Militant Analysis – Schizoanalysis for everybody
Susana Caló and Godofredo Pereira talk with Ana Bigotte Vieira
Ana Bigotte Pereira: How did your research project begin?
Susana Caló e Godofredo Pereira: In a natural way as an encounter between our work. A few years ago Godofredo was working on self-management and programming of collective equipment from a counter-hegemonic perspective. At that time, Susana was working on the psychiatric clinic La Borde and investigating the collective modes of organisation of the clinic, which according to the perspective of institutional psychotherapy are the core of therapy. Although we were both strongly inspired by Guattari’s work, it was only then that we discovered CERFI’s work. Their focus on programming of collective equipment was exactly at the intersection of our work. However there was very little information, nobody had written anything specifically about this group, it only appeared in footnotes. So we decided to start a more in-depth research process.
ABV: What was the CERFI?
SC e GP: The Centre d’Études, de Recherches et de Formation Institutionnelles (CERFI) was a research cooperative founded in 1967, which aimed to explore a new kind of political militancy, characterised by bringing analysis into all institutional and professional fields, with a view to creating lines of escape in the most unlikely place, namely within the body of the capitalist state itself. It tried to do this through, on the one hand, the programming of collective equipment (programming understood here as the creation of analytical mechanisms of self-management); and through action-research, research understood and explored also as an analytical mechanism to which all have a right. Furthermore, CERFI published a journal, Recherches, which served not only as an archive and form of communication of its research but also as a platform that was given to other groups and collectives so that they could speak in the first person about their experiences rather than just occupying the position of objects of study, and in contrast to the “specialist perspective”. This is the case, for example, with the issues on homosexuality, drugs or sex work.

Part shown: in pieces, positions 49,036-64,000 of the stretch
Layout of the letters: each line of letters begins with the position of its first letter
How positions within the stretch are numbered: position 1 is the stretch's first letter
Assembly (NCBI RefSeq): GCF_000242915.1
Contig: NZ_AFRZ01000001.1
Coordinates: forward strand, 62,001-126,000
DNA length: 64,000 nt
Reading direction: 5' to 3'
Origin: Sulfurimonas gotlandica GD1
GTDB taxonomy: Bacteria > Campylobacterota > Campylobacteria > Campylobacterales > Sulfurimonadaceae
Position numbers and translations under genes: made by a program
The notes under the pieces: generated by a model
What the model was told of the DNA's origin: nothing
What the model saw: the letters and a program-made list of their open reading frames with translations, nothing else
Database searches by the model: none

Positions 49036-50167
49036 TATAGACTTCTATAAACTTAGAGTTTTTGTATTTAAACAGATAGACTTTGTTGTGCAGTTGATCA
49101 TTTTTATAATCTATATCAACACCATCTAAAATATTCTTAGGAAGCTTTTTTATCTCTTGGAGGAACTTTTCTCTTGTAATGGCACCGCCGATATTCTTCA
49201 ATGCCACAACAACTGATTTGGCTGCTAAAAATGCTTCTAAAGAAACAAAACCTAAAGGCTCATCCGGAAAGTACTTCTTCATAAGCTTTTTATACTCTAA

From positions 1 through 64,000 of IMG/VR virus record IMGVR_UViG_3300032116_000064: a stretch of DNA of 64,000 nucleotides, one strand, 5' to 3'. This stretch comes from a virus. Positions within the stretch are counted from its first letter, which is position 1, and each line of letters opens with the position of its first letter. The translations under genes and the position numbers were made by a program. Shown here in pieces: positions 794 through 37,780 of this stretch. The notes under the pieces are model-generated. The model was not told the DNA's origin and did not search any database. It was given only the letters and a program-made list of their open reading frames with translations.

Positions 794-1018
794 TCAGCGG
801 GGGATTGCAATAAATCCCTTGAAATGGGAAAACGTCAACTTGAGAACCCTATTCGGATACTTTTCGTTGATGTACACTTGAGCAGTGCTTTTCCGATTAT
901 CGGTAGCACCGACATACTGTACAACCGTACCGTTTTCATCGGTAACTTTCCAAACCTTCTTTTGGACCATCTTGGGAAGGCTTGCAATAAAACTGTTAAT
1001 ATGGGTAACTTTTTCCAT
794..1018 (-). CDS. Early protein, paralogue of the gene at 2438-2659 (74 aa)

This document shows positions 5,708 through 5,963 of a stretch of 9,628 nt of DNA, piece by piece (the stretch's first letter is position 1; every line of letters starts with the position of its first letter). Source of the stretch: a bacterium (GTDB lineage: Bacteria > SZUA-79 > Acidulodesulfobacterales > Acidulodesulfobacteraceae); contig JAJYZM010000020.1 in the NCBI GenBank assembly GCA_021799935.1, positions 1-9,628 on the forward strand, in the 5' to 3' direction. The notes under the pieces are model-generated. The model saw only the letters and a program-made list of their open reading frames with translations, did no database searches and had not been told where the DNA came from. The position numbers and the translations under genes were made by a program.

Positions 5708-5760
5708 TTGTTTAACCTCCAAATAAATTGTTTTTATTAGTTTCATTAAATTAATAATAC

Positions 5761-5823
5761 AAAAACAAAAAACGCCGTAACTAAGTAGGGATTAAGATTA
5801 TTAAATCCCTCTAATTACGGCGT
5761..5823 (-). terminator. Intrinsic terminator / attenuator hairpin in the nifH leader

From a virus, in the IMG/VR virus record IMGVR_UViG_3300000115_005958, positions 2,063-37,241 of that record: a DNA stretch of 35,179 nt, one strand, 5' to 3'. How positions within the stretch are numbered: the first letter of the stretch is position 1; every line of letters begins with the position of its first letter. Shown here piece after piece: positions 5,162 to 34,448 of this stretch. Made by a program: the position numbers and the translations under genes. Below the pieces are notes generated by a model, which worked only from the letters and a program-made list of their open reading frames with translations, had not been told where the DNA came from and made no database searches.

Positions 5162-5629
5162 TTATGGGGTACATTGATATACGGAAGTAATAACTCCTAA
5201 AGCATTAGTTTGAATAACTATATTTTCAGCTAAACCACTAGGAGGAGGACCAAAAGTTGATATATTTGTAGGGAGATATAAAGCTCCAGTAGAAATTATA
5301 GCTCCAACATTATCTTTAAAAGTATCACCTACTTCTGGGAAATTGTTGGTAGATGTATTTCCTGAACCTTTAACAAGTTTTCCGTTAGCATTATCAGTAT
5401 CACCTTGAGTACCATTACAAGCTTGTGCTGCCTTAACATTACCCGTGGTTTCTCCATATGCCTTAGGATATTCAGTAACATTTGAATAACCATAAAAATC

ABV: What is meant by militant analysis – schizoanalysis for all, the slogan that gives the title to this set of events?
SC e GP: First of all what analysis is: it is about generating mechanisms to bring out and work on the bodies or collective assemblages that run through us and of which we are part. Considering that capitalism directly attacks subjectivity, one cannot have an anti-capitalist politics without considering analytical processes. This is what Guattari proposed very early on. If in experimental clinics like La Borde, mechanisms of collective analysis were being developed (beyond the individual and the personal, considering environmental, institutional, bureaucratic dimensions, etc.) for Guattari these mechanisms should not remain confined to clinical contexts, but were relevant in all professional, institutional contexts and even for militant political organisations. Militant analysis is therefore the name we use to refer to this need to bring analysis into the field of militancy, and even more, the need for a constant analytical militancy. Now, militant analysis is nothing more than what Guattari with Deleuze would later call schizoanalysis. A labour of creating analytical machines, at all scales, and to which the CERFI was dedicated.
ABV: The time arc in which all this takes place is relatively long, between the 1960s and the 1980s a lot has changed and several generations have succeeded each other or, at least, have crossed paths. How do you account for this passage of time in your research? Or, in other words: what is changing?